Now for some of the rules I wasn’t so fond of.
Rule: Endurance exercise is an option, not a necessity for fatloss. The book explains that one doesn’t need to have any endurance exercise in their program for losing weight. Ok, fine. However, I know that I will always try to incorporate at least one day of endurance training into a client’s workout program. Intervals and HIIT are great as I said above, but anaerobic cardio is very hard on the body, and in my opinion, shouldn’t be done more than twice or three times (at most) a week. You have to throw in some endurance or “steady-state” cardio in there somewhere. Besides, especially for exercise noobs, if someone doesn’t like getting up to their anaerobic threshold (it can be scary being that breathless!!) does that mean they shouldn’t do any cardio at all? My answer would be no, and that steady state cardio, such as light jogging or brisk walking is great for weight loss. Calories in calories out (which this book doesn’t like either, but that’s another topic.)
Rule: Protein is the queen of macronutrients. Yes, protein is great for you, but do we really need 2 grams of protein for every 2.2 kg of body weight? Really?! The book even goes on to counteract the studies that show Americans are already getting more protein that even an elite athlete needs by comparing your need of protein to your need of income. It says something along the lines of saying… that since we need basic things to survive – food, clothes, water shelter, wouldn’t we be happier if we had more than that? It says that these things are necessary, but more and better things are even better! And then they’re comparing that to protein, saying if x amount is “necessary” wouldn’t we want to get as much of it as we can? At least to me, that seems like a very far-fetched comparison. They’re basically saying that more is better and much more is even better still. I’m not buying it.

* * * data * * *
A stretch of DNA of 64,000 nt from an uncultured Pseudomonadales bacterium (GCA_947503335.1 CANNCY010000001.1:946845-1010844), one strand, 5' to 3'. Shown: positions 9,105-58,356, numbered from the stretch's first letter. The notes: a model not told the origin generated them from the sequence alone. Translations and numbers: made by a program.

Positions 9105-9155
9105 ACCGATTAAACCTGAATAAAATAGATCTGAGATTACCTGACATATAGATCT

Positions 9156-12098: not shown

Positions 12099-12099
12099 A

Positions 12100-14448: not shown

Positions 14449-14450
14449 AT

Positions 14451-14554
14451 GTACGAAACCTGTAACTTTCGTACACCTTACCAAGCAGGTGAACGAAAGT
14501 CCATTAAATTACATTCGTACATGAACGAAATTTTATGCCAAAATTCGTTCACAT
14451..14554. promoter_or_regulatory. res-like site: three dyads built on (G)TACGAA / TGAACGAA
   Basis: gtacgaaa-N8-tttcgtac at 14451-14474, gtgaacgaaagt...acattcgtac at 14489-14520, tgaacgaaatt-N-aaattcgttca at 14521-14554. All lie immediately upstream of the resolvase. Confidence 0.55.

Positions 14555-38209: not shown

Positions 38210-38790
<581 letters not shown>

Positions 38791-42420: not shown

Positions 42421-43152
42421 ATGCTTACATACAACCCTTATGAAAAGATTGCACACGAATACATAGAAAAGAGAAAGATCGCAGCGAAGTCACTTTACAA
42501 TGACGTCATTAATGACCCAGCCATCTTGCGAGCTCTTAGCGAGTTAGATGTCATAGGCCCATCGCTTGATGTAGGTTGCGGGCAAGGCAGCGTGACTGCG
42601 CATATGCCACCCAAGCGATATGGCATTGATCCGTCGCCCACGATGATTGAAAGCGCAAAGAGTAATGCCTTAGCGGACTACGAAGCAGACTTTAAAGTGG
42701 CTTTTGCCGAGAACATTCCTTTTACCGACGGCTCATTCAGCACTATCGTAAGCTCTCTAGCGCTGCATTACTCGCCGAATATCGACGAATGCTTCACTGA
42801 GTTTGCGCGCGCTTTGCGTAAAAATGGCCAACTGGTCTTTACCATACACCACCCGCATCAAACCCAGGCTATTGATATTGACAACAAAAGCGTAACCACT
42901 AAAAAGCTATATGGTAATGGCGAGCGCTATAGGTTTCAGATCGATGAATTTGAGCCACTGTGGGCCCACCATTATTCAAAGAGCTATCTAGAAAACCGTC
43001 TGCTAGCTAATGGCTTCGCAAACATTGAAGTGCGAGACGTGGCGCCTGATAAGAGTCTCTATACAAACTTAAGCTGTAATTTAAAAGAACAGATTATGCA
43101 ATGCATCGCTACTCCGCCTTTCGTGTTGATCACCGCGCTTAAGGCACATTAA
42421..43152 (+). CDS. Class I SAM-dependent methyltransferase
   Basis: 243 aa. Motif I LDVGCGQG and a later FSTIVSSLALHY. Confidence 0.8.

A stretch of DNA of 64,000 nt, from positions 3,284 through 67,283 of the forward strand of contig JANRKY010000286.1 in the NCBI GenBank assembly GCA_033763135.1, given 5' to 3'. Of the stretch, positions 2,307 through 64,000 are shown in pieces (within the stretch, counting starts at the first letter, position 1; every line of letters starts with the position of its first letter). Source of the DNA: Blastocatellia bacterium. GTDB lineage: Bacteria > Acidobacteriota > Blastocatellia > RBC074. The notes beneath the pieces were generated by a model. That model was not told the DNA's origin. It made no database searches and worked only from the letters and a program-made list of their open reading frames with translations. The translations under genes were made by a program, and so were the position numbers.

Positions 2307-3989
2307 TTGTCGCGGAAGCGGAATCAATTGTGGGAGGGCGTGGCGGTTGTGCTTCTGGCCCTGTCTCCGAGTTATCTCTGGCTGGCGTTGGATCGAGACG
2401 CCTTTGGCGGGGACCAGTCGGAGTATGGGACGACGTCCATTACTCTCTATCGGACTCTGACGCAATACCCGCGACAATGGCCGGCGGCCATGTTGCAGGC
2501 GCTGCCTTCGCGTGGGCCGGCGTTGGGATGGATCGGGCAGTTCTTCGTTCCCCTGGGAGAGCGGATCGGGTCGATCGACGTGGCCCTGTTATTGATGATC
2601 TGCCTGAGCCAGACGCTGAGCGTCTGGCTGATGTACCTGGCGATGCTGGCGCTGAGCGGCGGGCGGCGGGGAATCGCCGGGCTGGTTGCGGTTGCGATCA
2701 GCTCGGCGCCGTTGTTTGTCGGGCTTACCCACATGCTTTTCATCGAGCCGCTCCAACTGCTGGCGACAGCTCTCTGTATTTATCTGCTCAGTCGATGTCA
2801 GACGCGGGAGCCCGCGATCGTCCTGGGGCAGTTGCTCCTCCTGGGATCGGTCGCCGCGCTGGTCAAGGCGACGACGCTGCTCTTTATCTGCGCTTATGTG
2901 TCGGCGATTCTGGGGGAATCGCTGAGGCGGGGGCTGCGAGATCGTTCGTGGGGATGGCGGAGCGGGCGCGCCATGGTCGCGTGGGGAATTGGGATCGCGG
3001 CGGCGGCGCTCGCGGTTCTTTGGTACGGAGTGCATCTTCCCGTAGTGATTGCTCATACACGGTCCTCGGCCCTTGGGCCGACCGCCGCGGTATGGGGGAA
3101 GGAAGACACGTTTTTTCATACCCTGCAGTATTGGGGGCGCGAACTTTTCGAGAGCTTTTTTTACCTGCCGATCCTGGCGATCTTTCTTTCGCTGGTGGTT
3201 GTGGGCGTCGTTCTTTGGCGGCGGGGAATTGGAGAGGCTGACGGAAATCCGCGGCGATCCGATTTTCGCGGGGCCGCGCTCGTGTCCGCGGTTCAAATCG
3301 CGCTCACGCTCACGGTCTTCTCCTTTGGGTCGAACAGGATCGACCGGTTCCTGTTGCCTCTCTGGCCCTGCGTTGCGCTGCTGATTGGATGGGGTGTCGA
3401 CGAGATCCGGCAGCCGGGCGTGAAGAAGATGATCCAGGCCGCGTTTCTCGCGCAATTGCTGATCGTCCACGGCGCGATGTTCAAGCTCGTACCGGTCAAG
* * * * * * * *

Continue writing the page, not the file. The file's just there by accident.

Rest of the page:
The meal plans. If you’re a regular reader, you should know how I feel about processed food by now – I’m all for clean eating, and strive to have a mainly clean diet. First of all, the book is all about the protein powder. Whey to be exact (naturally, since protein is queen or something?) Don’t get me wrong; I’m not saying protein isn’t good for you after working out, but they recommend several shakes a day; pre-work out shake, post work-out shake, whenever you’re feeling hungry shake, slim fast shake, smoothie shake, and so on. Then they go on to give meal plans – all of which are very high in protein. Now, I don’t want to discredit the meal plans totally – they do give some examples of very nutritious foods, such as, steel cut oats, almonds, ricotta cheese, etc. However, it’s still extremely protein-laden. Protein is great – and necessary, but again, it’s a little excessive.
Overall, I really enjoy reading this book, and there are many more things that I like about it than what I don’t. I have learned some very beneficial factoids about strength-training so far, and I’m definitely excited to move on to the “workouts” portion of the book. I’ve heard great things about the NROLFW workouts. So far, I know the authors designed a workout catering to the more functional exercises of everyday life. I’m all for this! I love it!
For my review of the second half, I plan on doing all of the exercises, in the manner they suggest (though I probably won’t do them for the specified time, so I won’t necessarily be reviewing the results I got with their xx month plan or anything.)
Gotta go get ready for this Friday at work! Man, this work week went by fast! Did it for anyone else? I have a jam-packed weekend – shopping for shower presents, baking and bunco ensues today/tonight – good thing these are all super fun activities, eh? 😉 Have a great day!!
Have any of you followed the work out plan in this book?
Have you ever followed any workout plan and diet plan in a book? (think South Beach, You! on a diet, Atkins, etc…)